The second-run houses of my yute-Universal westerns
Gunfight at the Universal-International Corral
Ed here: I saw a lot of these in second run houses where a lot of working class folks saw their movies. I always liked the globe that was the Universal logo at the start of the film. Thrilling. To me the mainstay--not to say the best--of the Universal westerns were the Audie Murphy pictures. (I think) Because of the failure of John Ford's Red Badge of Courage (in which re he was very good). Director Anthony Mann was the genius of the entire Universal enterprise and, for me, a far finer, more nuanced director than John Ford because he didn't buy into the myth of the west. The truly lovely Julie Adams was the resident babe.
By DAVE KEHR for the New York Times
A new five-disc anthology from TCM’s Vault Collection, “Western Horizons,” assembles five of the Technicolor adult westerns that were the bread and butter of Universal-International’s production schedule during the 1950s.
Positioned ambiguously between A and B status — they often featured major stars, like James Stewart and, in this collection, Alan Ladd and Richard Widmark, and production values that could expand beyond the Universal City back lot to include extensive and expensive location work — these films were among the final manifestations of a fully functioning studio system.
This collection covers a whole range of achievements, including a couple of outright mediocrities. With “Backlash” (1956), the hard-working but rarely inspired John Sturges fails to bring out the dramatic intensity of a fine screenplay by Borden Chase, whose work with James Stewart and the director Anthony Mann during this period (“Bend of the River,” “The Far Country”) represents the Universal western at its best. And in “Pillars of the Sky” (1956) the journeyman director George Marshall brings merely a Sunday school didacticism to an ambitious script about frontier race relations originally intended for John Ford and John Wayne.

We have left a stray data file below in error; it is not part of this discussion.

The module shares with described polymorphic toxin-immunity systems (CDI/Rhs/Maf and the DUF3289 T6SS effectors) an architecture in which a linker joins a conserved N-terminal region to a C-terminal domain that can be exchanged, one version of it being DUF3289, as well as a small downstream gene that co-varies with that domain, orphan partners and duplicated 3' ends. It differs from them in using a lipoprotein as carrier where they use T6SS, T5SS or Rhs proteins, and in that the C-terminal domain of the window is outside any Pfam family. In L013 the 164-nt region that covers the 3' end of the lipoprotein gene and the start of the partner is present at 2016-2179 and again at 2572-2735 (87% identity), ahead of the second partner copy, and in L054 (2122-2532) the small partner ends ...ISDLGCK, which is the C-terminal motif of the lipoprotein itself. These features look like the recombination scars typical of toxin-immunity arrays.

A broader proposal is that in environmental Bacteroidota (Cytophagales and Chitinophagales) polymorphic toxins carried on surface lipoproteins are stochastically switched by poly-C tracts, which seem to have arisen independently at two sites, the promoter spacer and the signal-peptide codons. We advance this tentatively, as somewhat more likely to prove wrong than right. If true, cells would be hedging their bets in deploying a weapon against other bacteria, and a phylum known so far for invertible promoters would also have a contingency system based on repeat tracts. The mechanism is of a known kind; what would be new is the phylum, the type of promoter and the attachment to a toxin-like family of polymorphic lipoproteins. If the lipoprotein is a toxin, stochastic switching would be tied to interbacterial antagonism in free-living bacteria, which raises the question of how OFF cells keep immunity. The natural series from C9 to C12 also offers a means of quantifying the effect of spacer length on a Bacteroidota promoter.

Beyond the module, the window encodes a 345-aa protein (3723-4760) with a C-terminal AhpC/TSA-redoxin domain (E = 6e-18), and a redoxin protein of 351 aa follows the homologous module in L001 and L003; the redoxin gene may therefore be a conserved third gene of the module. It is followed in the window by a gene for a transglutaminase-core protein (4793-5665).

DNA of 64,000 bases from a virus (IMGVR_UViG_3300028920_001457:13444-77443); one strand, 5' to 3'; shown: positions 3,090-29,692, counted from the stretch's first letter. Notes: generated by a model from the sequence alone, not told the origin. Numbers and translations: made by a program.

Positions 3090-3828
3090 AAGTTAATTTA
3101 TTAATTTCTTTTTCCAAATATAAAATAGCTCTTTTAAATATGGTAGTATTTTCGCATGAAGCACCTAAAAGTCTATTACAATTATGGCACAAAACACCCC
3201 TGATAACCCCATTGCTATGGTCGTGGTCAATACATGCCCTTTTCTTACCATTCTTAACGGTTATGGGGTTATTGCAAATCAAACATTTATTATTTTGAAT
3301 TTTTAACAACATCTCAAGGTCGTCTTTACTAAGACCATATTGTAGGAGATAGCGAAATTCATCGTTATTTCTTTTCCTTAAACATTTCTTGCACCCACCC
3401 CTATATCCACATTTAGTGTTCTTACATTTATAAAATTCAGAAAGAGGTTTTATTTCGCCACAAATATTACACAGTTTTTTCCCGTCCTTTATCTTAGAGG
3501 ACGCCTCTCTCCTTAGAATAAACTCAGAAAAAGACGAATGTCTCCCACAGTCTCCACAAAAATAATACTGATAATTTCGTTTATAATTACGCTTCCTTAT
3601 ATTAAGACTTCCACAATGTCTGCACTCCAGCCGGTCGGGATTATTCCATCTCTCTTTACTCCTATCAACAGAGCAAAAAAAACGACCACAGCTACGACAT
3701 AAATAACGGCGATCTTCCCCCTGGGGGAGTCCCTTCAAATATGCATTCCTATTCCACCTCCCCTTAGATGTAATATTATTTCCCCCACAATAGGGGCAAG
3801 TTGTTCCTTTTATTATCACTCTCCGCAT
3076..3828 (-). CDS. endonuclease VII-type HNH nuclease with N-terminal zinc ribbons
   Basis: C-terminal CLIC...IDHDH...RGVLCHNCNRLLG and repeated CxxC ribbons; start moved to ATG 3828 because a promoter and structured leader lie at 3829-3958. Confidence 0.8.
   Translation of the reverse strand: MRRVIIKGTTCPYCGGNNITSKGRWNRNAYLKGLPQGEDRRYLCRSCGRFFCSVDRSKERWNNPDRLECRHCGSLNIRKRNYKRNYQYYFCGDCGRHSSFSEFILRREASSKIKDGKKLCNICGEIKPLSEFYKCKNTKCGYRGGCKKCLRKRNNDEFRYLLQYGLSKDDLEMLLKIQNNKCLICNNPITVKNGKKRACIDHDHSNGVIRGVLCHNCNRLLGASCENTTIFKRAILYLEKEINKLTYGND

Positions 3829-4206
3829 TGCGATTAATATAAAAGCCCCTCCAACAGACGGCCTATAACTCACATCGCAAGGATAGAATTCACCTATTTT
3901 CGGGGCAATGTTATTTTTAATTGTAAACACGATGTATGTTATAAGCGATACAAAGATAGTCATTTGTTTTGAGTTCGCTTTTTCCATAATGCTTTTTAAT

“Horizons West” (1952) offers the tenebrous Robert Ryan as an impatient rancher who turns to rustling, in one of several “big ranch” westerns of the early ’50s that expressed a populist fear of expanding corporatism in postwar America. Directed in a dark, shadowy style that sneaks up to the edge of film noir, it is one of the best of the early westerns directed by Budd Boetticher, who would become one of the genre’s great figures when he found his definitive voice a few years later with “Seven Men From Now” (1956).
For consistency of vision and sheer filmmaking skill the best film in this set is “Saskatchewan” (1954), a sort of northwestern, set in the Canadian province of the same name and directed by one of the giants of the American cinema, Raoul Walsh. At first the story appears to be a spinoff from one of Walsh’s most famous movies, the 1941 “They Died With Their Boots On,” which starred Errol Flynn as a charismatically overbearing George Armstrong Custer. Here a band of renegade Sioux, encouraged by their victory at Little Big Horn, invade Canada with the hope of enlisting the peaceful Cree into joining their revolt against white domination.
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